6. The composition of claim 1, further comprising at least one mineral filler.

7. The composition of claim 6, wherein the quantity of mineral fillers is up to 40% of the weight of the resin.

8. A mat comprising non-woven mineral fibers, wherein the mineral fibers are treated with the aqueous flame retardant composition of claim 1.

9. The mat of claim 8, wherein the mineral fibers are fibers of glass or rock.

10. The mat of claim 8, wherein the mineral fibers are in the form of filaments, threads composed of a multitude of filaments (base threads), or assemblies of said base threads into rovings.

11. The mat of claim 8, further comprising synthetic or natural organic fibers.

12. The mat of claim 8, having a mass per unit area in the range 10 to 1100 g/m2.

13. The mat of claim 8, wherein the aqueous flame retardant composition is from 7% to 30% of the weight of the mineral fiber mat, calculated on the basis of the solid materials.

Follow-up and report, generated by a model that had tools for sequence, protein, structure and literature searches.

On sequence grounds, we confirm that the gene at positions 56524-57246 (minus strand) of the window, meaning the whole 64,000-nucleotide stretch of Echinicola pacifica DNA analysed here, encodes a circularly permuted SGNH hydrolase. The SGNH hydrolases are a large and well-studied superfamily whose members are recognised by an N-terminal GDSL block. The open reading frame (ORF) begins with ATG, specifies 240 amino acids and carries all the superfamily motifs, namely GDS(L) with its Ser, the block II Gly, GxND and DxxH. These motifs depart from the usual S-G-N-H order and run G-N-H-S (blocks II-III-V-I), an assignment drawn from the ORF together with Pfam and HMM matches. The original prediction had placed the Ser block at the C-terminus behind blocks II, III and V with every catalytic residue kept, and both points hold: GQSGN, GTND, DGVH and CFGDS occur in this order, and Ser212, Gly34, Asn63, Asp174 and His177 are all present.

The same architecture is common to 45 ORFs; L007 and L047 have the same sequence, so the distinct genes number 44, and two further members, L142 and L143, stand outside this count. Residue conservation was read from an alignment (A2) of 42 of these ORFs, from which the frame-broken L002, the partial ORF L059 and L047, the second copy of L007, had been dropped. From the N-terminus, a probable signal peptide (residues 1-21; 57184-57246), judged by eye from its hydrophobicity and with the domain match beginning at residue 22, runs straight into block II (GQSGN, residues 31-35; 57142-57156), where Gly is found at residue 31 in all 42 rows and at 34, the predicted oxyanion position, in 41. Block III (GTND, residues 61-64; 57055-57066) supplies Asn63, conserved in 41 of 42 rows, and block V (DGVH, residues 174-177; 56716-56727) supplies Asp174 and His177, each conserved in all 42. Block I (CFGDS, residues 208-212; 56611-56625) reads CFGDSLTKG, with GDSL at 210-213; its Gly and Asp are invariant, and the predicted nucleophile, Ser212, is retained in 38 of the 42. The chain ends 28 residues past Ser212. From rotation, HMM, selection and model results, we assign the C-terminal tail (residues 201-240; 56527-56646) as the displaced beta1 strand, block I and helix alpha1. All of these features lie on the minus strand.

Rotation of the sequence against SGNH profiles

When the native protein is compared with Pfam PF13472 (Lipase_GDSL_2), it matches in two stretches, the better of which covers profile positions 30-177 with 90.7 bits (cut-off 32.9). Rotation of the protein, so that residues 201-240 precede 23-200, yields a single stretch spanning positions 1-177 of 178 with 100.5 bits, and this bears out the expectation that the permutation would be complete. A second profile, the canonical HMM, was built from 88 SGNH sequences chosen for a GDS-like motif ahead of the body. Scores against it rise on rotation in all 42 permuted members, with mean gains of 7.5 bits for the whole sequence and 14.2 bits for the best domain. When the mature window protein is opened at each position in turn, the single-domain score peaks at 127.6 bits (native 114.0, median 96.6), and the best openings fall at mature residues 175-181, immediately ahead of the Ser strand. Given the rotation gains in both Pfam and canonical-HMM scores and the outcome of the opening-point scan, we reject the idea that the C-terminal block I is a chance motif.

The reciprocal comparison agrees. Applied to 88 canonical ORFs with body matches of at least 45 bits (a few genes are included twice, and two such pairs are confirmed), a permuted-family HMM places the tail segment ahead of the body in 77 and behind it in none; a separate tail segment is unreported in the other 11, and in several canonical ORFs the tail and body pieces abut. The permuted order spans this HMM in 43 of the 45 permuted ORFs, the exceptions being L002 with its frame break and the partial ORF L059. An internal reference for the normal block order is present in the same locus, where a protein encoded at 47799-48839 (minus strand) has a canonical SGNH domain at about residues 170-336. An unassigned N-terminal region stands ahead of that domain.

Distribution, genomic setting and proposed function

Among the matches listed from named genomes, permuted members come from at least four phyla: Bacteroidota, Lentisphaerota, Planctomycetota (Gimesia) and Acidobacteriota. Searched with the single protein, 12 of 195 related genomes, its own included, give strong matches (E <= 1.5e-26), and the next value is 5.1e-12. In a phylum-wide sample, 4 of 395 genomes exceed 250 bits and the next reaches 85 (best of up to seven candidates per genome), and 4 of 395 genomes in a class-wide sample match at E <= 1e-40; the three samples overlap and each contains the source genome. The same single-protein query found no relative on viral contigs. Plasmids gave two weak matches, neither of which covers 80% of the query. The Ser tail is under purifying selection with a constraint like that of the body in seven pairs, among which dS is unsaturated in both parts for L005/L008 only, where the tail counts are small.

14. The mat of claim 8, wherein the mineral fibers are formed from glass.

15. The composition as claim 1, wherein the organic flame retarding agent is from 1% to 8% of the weight of the resin.

16. The composition of claim 6, wherein the mineral filler is calcium carbonate, a clay, talc, mica, or a mixture thereof.

17. The mat of claim 8, wherein the mineral fibers are basalt or wollastonite.

Description:

CROSS REFERENCE TO RELATED APPLICATIONS

The present application is a 35 U.S.C. §371 national stage patent application of International patent application PCT/FR2011/053195, filed on Dec. 26, 2011, published as WO 2012/089981 on Jul. 5, 2012, the text of which is incorporated by reference, and claims the benefit of the filing date of French application no. 1005202, filed on Dec. 31, 2010, the text of which is also incorporated by reference.